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Continuous Integration: Series Introduction

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In this tutorial series we will explore a rarely discussed (but highly valuable) process of
developing software that is disappointingly absent in the iOS and mobile world: Continuous Integration.

In a nutshell, Continuous Integration (CI) allows you to speed up the development and release process by constantly checking the code repository for build issues as well as automating a variety of procedures that you would otherwise have to perform yourself.

After reading this tutorial you will be able to set up from scratch an automated server that will provide all of the above benefits (plus a few more). Specifically, we will cover:

  1. The theory behind continuous integration.
  2. Installing the Tomcat Apache Webserver. This will be used to run the CI software.
  3. Installing Hudson. This is the CI software that will monitor the repository and start the
    build.
  4. Writing the bash build script.We will go through the basics of Bash and how to compile our Xcode project from the command line.
  5. Extending the build script in various ways, including automated deployment.

Required Knowledge

Although we will go into detail about all aspects of how to set up your CI, it is assumed you have no prior knowledge of server administration, bash scripting, or CI procedures. Having said that, it is expected that you have a general grasp on Xcode and archiving builds, and also that you understand (and have access to) a source control server.

If you are not already at the point where you are using a version control system such as Git or SVN for managing your code, this tutorial will be a little out of your comfort zone. To learn about source control and how it can benefit you, I highly recommend signing up to GitHub. They offer free public repositories and have a great tutorial for new users on how to set up and use Git as a VCS.


Also available in this series:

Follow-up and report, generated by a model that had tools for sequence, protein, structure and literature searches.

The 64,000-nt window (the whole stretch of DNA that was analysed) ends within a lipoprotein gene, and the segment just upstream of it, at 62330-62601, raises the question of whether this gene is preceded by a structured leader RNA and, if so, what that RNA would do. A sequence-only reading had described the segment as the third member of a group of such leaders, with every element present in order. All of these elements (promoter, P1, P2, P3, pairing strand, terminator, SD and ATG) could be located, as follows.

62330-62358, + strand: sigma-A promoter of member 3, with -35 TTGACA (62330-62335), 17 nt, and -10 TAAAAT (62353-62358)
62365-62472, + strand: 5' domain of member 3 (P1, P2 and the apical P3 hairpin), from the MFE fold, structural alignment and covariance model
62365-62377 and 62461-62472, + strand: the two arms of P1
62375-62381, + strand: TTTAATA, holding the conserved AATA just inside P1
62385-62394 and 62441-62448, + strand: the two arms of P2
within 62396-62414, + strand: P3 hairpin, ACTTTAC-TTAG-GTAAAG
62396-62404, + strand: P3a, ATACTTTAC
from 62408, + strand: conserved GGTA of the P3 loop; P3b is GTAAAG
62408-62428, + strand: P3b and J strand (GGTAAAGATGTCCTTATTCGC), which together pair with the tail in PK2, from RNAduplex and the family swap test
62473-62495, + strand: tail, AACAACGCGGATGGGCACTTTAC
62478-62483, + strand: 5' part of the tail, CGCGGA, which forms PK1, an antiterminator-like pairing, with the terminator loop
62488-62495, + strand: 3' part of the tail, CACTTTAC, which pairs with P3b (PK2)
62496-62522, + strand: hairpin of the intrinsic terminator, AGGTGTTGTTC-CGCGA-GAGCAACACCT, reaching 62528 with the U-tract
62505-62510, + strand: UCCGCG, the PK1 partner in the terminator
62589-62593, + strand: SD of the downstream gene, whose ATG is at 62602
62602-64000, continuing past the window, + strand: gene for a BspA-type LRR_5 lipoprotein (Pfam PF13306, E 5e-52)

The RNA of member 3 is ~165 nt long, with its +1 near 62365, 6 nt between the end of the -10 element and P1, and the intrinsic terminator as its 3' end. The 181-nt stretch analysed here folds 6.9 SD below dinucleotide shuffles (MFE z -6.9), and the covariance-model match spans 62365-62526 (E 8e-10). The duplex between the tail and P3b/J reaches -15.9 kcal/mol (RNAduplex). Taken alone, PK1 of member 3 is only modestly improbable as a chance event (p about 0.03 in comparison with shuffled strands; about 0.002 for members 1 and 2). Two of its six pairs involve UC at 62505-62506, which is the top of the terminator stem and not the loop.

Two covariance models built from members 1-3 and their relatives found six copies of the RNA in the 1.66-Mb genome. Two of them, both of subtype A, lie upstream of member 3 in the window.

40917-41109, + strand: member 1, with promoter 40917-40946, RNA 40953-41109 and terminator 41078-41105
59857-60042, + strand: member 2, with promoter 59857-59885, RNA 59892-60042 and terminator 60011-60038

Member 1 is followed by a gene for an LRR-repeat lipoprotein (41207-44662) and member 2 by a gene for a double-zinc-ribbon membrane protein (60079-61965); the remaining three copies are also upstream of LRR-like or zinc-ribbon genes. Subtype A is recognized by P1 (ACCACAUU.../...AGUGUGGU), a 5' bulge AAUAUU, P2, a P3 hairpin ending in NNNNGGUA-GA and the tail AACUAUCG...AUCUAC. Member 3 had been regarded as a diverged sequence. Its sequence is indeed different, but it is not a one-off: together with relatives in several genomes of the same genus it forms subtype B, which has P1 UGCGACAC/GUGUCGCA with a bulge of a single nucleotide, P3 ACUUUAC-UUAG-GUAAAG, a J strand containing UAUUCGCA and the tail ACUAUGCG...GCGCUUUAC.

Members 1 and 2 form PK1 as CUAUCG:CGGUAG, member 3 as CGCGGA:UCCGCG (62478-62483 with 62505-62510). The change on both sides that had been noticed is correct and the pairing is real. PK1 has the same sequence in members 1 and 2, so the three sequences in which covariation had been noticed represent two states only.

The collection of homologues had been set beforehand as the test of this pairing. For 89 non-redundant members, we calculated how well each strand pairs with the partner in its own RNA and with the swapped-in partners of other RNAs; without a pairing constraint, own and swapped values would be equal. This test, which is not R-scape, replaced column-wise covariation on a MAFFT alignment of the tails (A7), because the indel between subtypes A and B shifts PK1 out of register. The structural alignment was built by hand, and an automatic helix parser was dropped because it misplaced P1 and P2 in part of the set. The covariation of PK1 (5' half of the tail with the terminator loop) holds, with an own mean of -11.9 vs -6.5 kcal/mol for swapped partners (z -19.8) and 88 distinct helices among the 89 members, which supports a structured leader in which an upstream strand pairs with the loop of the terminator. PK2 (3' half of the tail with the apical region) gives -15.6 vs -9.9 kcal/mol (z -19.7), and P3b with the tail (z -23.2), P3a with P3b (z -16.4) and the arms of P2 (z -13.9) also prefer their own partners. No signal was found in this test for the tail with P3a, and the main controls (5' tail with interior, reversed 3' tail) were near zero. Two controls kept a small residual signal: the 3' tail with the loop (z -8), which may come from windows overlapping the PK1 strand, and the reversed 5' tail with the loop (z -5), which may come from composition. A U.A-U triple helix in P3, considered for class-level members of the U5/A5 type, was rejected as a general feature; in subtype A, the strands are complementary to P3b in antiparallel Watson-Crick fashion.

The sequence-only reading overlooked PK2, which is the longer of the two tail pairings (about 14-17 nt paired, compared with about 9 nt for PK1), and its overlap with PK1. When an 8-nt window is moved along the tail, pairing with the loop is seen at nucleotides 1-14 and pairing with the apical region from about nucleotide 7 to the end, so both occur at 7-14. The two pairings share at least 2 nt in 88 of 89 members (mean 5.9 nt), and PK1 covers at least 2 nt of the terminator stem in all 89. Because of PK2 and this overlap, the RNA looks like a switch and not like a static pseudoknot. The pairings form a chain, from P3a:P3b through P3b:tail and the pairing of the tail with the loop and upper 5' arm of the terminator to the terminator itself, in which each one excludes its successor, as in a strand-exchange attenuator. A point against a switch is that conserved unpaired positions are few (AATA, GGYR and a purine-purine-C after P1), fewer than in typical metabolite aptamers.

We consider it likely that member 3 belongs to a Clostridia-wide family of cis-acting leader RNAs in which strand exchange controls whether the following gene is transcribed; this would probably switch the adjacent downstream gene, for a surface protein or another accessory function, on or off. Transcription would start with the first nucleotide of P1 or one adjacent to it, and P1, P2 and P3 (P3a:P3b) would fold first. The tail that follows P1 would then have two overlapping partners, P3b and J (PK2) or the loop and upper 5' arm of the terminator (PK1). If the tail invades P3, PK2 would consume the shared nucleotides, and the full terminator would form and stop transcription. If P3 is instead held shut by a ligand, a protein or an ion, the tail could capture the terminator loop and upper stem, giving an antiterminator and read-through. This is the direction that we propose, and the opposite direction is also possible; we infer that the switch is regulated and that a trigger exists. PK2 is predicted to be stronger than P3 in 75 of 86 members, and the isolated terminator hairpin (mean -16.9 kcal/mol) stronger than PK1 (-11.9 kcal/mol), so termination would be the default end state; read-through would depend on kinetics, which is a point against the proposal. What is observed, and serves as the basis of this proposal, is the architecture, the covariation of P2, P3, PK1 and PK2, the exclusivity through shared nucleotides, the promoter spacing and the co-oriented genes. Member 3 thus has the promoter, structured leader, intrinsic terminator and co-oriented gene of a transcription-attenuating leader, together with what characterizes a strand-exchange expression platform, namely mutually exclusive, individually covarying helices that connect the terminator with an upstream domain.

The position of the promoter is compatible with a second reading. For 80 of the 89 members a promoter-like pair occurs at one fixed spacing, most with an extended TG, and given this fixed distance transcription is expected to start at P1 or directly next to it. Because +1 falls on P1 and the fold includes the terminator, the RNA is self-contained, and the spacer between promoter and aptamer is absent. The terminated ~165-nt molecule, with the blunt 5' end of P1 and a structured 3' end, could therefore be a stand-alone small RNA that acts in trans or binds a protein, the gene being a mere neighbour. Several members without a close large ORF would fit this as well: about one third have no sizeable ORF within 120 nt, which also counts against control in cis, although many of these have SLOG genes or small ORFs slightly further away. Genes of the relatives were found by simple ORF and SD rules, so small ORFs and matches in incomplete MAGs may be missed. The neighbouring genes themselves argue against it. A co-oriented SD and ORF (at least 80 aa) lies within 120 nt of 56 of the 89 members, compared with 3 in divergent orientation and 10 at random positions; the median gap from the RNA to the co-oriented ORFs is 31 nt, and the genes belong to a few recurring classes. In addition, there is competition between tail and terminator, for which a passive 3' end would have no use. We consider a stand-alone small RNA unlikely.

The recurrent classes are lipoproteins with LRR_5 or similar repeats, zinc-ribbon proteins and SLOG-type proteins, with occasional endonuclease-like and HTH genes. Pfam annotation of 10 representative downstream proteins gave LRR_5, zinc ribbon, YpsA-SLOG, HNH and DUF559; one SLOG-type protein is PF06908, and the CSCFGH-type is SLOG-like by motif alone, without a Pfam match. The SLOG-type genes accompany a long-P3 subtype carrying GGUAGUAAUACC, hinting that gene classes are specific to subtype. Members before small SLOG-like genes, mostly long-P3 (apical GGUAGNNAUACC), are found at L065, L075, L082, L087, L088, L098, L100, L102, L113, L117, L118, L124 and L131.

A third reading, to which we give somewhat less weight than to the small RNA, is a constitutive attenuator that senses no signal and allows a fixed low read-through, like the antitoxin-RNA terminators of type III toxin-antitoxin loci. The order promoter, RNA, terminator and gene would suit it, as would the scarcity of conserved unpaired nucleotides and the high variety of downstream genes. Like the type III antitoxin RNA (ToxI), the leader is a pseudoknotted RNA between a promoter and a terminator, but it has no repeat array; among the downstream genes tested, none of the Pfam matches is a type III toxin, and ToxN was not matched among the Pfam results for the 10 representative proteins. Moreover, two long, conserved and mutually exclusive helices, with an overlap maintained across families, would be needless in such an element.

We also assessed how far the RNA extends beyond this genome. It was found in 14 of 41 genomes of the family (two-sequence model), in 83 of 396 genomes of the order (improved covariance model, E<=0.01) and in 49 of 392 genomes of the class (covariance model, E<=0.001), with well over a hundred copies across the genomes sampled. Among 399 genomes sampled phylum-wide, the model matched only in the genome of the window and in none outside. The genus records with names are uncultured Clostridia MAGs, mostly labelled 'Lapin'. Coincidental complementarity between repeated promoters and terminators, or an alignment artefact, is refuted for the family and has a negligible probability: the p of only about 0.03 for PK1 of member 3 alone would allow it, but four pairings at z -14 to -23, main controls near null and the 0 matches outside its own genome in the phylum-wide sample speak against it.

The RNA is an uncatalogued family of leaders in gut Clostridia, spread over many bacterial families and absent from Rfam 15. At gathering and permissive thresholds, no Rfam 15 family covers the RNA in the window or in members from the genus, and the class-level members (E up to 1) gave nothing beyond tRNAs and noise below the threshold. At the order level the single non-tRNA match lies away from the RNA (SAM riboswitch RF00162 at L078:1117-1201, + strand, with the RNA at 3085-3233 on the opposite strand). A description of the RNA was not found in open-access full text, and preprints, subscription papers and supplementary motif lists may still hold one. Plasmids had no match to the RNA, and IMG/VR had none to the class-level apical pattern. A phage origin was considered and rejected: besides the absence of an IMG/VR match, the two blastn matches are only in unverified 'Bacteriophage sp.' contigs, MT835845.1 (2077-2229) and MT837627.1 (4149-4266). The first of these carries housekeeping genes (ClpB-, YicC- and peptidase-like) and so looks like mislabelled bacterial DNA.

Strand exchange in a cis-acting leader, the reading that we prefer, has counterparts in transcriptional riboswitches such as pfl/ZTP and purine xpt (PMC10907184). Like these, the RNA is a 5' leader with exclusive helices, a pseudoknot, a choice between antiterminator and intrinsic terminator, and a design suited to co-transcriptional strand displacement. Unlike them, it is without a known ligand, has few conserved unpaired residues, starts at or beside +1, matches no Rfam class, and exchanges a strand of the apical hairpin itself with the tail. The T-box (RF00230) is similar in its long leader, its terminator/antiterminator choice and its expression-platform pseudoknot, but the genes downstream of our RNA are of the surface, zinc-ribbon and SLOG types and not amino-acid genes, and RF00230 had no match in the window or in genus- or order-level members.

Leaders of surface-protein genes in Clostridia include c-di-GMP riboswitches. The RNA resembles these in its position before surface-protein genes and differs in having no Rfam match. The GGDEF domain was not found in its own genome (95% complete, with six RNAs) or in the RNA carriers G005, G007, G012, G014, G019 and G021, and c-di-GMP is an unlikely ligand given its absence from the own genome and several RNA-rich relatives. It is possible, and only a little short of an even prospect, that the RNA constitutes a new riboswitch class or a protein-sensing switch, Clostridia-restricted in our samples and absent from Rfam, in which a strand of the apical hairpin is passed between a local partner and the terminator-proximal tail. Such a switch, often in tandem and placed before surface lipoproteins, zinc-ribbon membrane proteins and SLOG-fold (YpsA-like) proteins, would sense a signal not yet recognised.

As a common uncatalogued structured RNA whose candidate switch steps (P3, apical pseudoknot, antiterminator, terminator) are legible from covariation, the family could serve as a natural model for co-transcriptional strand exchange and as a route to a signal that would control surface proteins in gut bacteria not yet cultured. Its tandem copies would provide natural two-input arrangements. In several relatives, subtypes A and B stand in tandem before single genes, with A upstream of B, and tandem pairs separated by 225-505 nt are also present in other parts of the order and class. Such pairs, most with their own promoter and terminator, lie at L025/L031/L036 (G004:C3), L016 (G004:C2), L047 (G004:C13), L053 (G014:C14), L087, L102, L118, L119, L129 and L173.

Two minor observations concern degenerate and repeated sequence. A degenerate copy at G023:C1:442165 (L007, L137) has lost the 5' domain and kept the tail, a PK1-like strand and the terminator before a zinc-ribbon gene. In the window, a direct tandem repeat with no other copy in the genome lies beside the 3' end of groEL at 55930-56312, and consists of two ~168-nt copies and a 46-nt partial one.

1. Continuous Integration: Series Introduction
  2. Continuous Integration: Tomcat Setup
  3. Continuous Integration: Hudson Setup
  4. Continuous Integration: Scripting Xcode Builds
  5. Continuous Integration: Script Enhancements

What Is Continuous Integration?

As anyone that has worked in a team of developers can attest, managing code repositories and code conflicts can be a huge pain. Developers can spend several hours after a merge managing and cleaning up conflicts.

As well as working with conflicts, manually building apps for testing or enterprise distribution can take a significant amount of time. Someone has to be responsible for keeping their repository up to date, managing the developer certificates and provisioning profiles, archiving the code, and uploading the IPA file to a server for distribution.

Because of the complexities involved in these procedures, developers are sometimes loathe to commit and build their code and will manage to make a build of the full project only once or twice a week.

CI allows the builds to be automatically started after every commit to the repository. This allows errors in the code and conflicts to be easily identified and resolved quickly and effectively.Although this is useful, by far the most useful feature that we can get from setting up a CI server is automating and distributing our builds. Imagine if all you had to do was type svn commit -m "Fixed the customer ID bug" and 30 seconds later the build was sitting on a website waiting to be downloaded by a tester. Setting up a CI can make that happen!


How It Works

For CI to work effectively, developers need to commit early and commit often (at least once a day). The CI server continually polls the repository to check if there has been an update. If it detects a change, it will begin building the project and performing any associated tasks.


If the build is successful, the team is notified of the successful build. If the build is not successful, the team is notified of:

  • Who on the team broke the build
  • What changes caused the build to break

In the event of a broken build, the team can quickly asses how the build broke and go about resolving the problem, and the problems that need fixing are small and easy to manage because we are committing every day instead of every week.


The Main Advantages Of Continuous Integration

  • Problems with the build are identified early.
  • Identified problems are usually small issues that are easy to resolve.
  • Automated building, signing and distribution of the app saves time.
  • Constant access to the 'latest' build for testers.
  • Unit tests can be run on every build, allowing developers to detect functional issues as well as compilation errors.

Unit testing is a world onto itself and unfortunately will not be covered in this tutorial. I encourage you to read up about using unit tests as not only part of your CI but a part of your development process.


The Main Disadvantages Of Continuous Integration

CI is certainly not for everyone. It can take a significant amount of time to set up a server for your needs. The CI server software is best installed and set up on a separate machine to that being used for development and the hardware requirements. That means extra costs for hardware.


Next Time

In the next article we’re going to get our hands dirty setting up the Tomcat web server. We’ll cover system requirements, how to install it, and starting/stopping the server. Catch you next time!

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